Snapchat and Skype are among a number of apps that Amnesty International has found aren't protecting users’ privacy.
Only 3 of the 11 tech firms examined by the organisation actually provide end-to-end encryption by default on all their messaging apps.
Amnesty International’s new ‘Message Privacy Ranking’ assesses the 11 companies with the most popular messaging apps on the way they use encryption to protect users’ privacy and freedom of expression across their messaging apps.
Sherif Elsayed-Ali, head of Amnesty International’s Technology and Human Rights team says the reality is that our communications are under constant threat from cybercriminals and spying by state authorities.
“If you think instant messaging services are private, you are in for a big surprise,” he says.
“The reality is that our Young people, the most prolific sharers of personal details and photos over apps like Snapchat, are especially at risk.”
Amnesty International has highlighted end-to end encryption, as a minimum requirement for tech companies to ensure that private information in messaging apps stays private.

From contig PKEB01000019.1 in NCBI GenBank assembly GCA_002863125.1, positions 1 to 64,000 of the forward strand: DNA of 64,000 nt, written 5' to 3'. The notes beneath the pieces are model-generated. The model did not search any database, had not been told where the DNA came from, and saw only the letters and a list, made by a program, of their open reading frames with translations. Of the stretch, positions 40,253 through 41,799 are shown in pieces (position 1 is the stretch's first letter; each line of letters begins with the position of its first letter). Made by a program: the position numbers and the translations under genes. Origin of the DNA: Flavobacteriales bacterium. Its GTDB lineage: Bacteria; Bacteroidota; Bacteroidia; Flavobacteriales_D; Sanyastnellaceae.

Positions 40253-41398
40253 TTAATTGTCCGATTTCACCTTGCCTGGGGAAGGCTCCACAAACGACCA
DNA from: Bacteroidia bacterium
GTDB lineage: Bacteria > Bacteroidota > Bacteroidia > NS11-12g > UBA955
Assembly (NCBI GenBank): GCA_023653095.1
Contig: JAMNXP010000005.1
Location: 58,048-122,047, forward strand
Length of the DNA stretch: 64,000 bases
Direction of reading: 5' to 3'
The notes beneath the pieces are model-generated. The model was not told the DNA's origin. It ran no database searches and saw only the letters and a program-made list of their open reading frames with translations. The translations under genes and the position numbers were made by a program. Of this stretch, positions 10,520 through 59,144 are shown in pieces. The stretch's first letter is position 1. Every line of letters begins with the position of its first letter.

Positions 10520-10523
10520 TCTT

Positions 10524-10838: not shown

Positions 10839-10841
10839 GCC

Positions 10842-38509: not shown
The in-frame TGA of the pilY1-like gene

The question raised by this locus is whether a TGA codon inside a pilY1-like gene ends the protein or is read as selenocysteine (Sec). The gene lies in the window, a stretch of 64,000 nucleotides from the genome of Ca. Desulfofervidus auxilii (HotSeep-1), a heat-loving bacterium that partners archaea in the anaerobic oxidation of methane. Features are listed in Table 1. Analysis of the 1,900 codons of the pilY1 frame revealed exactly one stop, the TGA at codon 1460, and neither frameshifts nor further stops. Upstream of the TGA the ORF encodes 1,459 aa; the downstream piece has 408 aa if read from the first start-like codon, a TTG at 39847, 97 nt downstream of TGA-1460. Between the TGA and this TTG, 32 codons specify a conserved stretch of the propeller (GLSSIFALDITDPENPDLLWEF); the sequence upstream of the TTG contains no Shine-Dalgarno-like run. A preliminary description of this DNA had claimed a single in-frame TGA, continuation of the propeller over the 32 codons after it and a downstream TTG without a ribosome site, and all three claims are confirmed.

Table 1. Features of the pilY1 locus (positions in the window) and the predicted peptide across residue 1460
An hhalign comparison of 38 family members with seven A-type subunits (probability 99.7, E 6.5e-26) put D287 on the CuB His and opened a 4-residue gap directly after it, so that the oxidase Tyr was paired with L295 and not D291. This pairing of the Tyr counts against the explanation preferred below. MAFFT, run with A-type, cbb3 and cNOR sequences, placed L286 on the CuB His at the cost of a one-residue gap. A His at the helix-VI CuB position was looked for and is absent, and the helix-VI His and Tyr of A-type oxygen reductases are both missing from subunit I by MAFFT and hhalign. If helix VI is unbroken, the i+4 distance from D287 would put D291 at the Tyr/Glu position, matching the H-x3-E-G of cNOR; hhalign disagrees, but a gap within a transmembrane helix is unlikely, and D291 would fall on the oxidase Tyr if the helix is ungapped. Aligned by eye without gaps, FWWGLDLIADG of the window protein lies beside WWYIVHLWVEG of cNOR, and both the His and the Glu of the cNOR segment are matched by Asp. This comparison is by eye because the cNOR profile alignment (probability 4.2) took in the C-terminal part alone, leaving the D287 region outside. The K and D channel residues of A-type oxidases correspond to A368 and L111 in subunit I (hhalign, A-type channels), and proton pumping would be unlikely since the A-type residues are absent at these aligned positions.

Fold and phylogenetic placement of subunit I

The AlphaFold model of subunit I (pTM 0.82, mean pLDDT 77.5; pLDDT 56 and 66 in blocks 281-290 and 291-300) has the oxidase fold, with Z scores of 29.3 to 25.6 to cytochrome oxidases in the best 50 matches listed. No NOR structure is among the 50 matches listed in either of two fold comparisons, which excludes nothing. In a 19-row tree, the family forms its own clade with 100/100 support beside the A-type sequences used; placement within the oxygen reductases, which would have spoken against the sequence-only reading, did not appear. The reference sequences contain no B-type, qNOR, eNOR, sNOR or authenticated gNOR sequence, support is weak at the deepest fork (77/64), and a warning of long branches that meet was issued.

“It is up to tech firms to respond to well-known threats to their users’ privacy and freedom of expression, yet many companies are falling at the first hurdle by failing to provide an adequate level of encryption,” explains Elsayed-Ali.
“Millions of people are using messaging apps that deny them even the most basic privacy protection.”
Amnesty International’s ‘Message Privacy Ranking’ ranks technology companies on a scale of one to 100 based on how well they do five things:
The organisation highlights end-to-end encryption as a basic protection that few firms provide.
Only three firms that were put through the ranking system scored full marks for providing end-to-end encryption by default on all their
The three that scored the highest were Apple, Line and Viber.
“Most technology companies are simply not up to standard when it comes to protecting
their users’ privacy,” says Elsayed-Ali.
“The future of privacy and free speech online depends to a very large extent on whether
tech companies provide services that protect our communications, or serve them up on a plate for prying eyes.”